The FDA has sent shock waves in the industry pertaining to Lycopene supplements.
In a letter sent Nov. 8 from the U.S. Food and Drug Administration to American Longevity (AL), the FDA denies AL's petition for qualified health claims for lycopene, tomatoes, and tomatoes-based foods containing lycopene.
The proposed health claims say lycopene (tomatoes, tomato-based foods containing lycopene) may reduce the risk of certain forms of cancer including prostate, lung, gastric, colorectal, breast, cervical, ovarian, and pancreatic.
The FDA denies most of the claims, suggesting a few weak health claims that might hurt sales if such wording is used on the label to promote sales of lycopene supplement. In essence, the FDA rejected virtually all the strongly worded health claims.
The FDA said, "There is no credible evidence to support qualified health claims for lycopene, as a food ingredient, component of food, or as a dietary supplement, and reduced risk of any of the cancers specified in the petition."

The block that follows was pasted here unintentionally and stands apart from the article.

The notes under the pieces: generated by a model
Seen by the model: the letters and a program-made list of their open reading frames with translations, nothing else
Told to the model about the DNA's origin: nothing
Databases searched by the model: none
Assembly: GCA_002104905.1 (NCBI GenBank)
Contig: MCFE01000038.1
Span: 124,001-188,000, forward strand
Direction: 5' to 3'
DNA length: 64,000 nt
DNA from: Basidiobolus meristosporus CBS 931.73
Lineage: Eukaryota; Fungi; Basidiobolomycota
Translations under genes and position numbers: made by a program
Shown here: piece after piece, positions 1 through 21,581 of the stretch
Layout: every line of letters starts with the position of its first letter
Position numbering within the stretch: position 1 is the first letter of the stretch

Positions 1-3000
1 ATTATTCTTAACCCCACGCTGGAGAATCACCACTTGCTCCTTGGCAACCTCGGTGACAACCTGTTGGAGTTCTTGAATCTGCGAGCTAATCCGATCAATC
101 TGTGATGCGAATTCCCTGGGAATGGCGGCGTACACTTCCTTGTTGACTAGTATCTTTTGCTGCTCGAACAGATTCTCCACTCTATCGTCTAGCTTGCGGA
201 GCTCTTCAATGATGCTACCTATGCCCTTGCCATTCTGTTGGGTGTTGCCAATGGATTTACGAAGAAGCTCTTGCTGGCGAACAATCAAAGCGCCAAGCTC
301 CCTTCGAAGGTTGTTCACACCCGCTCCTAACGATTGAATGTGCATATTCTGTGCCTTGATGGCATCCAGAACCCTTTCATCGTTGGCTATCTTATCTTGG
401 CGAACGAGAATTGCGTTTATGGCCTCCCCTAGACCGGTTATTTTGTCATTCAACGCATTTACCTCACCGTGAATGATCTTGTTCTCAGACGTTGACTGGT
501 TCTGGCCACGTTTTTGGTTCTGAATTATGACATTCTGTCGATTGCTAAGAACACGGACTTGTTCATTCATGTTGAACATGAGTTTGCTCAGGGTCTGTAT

According to American Longevity, the FDA has delayed to process its petition six times. They have been waiting for the decision for more than two years. The FDA said it needs more time to review the evidence.
Companies do not need FDA's prior approval for manufacturing and selling lycopene supplement. The FDA would intervene only when the companies make qualified health claims without prior approval, or the FDA finds the supplement or food is not safe.
Along with the letter to American Longevity, the FDA also sent a similar letter to Lycopene Health Claim Coalition and rejected the health claims they proposed and suggested a few weak claims.